Bill Cosby's lawyers gave a blistering preview of the questions the actor's accuser will face at trial, as a judge refused to dismiss the sex-assault case at a preliminary hearing.
The defense Tuesday attacked the consistency of Andrea Constand's police statements; offered context to her friendship with Cosby; and insisted she gave consent to the sex acts that occurred at his home near Philadelphia in early 2004.
Constand did not testify, a decision meant to spare her from being cross-examined before trial. Under a recent state law, prosecutors can instead have witness statements read into the record.
The defense objected to Constand's absence during the half-day hearing, which marked the first time that police statements from either Constand or Cosby, 78, have been aired in public. Defense lawyer Brian McMonagle complained that he could not challenge her account.
"They chose not to present a witness to make an accusation against Mr. Cosby. So you're left with what's on that paper," McMonagle argued referring to the statement.
No trial date has been set, and lawyers are expected to spend months arguing over what evidence can be used — most notably, whether other accusers can testify and whether Cosby's deposition from Constand's civil lawsuit can be used.
McMonagle on Tuesday suggested that Constand was having a relationship with a married man and that the pair had engaged in "petting" during a few earlier visits to his home. Constand, in her statement, said she had brushed off his advances.
On the night in question, she said that Cosby urged her to take three blue pills "to take the edge off" her stress and to wash them down with wine he had poured. Twenty minutes later, her legs turned to "jelly."
"Everything was blurry and dizzy," Constand told police. "I told him, 'I can't even talk, Mr. Cosby.' I started to panic."
McMonagle argued that Constand "voluntarily" took the pills and perhaps had a bad reaction. He said she was "incapacitated by her own hand, by her own drinking." And he questioned her continued contact with Cosby in the year between their encounter and her first call to police.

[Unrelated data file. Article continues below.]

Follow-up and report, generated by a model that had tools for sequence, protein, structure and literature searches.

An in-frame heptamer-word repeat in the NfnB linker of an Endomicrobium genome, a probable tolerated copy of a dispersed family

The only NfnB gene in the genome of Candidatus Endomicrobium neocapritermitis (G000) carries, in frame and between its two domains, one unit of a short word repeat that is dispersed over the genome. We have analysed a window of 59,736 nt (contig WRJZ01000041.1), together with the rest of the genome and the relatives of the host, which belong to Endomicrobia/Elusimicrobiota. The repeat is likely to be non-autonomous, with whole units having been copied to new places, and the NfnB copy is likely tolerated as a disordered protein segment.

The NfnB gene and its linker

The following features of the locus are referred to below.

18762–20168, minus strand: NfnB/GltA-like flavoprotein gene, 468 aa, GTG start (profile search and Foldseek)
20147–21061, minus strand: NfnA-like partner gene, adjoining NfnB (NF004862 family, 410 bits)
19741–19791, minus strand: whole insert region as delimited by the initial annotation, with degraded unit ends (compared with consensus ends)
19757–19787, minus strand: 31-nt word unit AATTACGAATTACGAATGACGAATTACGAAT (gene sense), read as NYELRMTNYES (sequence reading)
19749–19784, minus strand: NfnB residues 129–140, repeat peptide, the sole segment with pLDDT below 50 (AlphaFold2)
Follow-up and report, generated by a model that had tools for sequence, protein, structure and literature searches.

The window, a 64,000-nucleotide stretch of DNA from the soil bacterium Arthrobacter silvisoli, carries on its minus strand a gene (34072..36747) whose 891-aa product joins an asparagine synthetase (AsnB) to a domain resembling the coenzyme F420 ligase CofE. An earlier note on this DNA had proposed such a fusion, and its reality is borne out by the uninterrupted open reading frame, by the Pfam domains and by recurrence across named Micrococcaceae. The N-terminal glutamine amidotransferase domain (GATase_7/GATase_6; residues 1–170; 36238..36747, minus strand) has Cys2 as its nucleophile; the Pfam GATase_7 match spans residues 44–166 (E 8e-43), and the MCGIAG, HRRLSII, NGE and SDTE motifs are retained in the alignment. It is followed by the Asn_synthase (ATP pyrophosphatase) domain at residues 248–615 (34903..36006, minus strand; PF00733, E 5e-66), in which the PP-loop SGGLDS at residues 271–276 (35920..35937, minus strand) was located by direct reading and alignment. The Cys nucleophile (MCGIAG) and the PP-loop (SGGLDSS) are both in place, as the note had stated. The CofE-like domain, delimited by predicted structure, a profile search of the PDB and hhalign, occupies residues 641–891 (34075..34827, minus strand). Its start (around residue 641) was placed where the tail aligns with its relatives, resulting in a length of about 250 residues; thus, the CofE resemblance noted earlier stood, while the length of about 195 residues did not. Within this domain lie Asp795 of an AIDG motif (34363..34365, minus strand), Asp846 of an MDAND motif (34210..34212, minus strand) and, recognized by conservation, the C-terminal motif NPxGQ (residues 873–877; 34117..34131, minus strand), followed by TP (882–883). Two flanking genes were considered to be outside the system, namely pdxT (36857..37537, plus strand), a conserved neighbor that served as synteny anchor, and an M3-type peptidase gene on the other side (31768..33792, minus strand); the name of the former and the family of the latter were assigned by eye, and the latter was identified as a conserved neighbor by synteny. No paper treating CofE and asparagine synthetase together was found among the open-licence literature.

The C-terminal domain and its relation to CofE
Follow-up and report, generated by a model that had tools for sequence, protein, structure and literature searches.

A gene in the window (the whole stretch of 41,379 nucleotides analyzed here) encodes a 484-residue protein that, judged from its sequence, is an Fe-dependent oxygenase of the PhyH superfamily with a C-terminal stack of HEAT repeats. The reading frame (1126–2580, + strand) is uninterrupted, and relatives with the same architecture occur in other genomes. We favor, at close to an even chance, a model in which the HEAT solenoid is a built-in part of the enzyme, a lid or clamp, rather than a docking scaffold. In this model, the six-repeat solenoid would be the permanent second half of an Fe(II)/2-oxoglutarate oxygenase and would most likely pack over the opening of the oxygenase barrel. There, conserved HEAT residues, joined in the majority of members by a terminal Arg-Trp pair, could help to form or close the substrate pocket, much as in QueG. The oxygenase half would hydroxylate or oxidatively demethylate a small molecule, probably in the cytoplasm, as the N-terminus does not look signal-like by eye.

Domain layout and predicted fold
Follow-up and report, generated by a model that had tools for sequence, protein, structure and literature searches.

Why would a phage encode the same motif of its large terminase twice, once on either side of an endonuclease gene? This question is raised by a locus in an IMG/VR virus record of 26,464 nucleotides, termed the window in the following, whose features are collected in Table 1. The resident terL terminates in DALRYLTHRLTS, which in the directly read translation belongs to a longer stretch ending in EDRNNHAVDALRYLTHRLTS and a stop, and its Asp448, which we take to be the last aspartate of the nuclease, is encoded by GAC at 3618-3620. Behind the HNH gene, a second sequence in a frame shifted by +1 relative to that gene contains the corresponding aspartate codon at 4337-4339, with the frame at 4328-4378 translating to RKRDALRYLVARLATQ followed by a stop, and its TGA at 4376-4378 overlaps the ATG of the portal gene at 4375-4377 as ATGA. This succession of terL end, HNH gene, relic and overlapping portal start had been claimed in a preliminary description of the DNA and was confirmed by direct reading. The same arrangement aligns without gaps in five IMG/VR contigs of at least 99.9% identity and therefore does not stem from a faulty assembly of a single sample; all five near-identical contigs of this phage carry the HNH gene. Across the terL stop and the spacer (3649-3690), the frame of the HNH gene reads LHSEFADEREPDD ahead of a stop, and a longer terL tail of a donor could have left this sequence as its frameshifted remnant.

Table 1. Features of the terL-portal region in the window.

"After this incident, Ms. Constand stayed in touch with the defendant, met with the defendant, … accepted a dinner invitation, spoke to him on the phone, … and visited him in Canada at a concert," McMonagle said in asking the judge to dismiss the case. "I know this is a preliminary hearing, but you have to look at it all."
His arguments largely mirror those raised by former District Attorney Bruce L. Castor Jr. when he declined to press charges when Constand came forward in 2005. Castor has since become a defense witness of sorts, testifying that he had a binding agreement with Cosby's lawyers that the case would never be prosecuted.
"It should have been stopped. It was stopped," McMonagle argued Tuesday.
The defense also seized on discrepancies in the three police statements that Constand gave, including her shifting memory of precisely when the encounter occurred. As for the alleged crime, she said the comedian penetrated her with his fingers and fondled her after giving her what he said was herbal medication. She said she later awoke with her bra askew and did not remember undoing it.
District Attorney Kevin Steele described Constand as "paralyzed, incapable of consent." He believes that makes one part of Cosby's police statement especially odd.
Asked if he had sexual intercourse with Constand, Cosby said he had not — "neither asleep nor awake."
Dozens of other women have come forward since 2005 to accuse Cosby of molesting them over the past 50 years. Some said they passed out after drinking something he gave them.
In his police statement, Cosby said that Constand never said "no" as he put his hand down her pants. He told police the pills were over-the-counter Benadryl that he takes to help him sleep.
Cosby settled with Constand for an undisclosed sum in 2006 after testifying behind closed doors about his extramarital affairs, his use of quaaludes to seduce women and his efforts to hide payments to former lovers from his wife.
But prosecutors reopened the criminal case last year after dozens of women leveled similar allegations and after Cosby's sealed testimony in Constand's lawsuit was made public.
Cosby is also fighting defamation lawsuits across the country for allegedly branding his accusers liars and is trying to get his homeowner insurance to pay his legal bills.
The Associated Press does not normally identify people who say they were victims of sex crimes unless they agree to be named publicly, which Constand has done.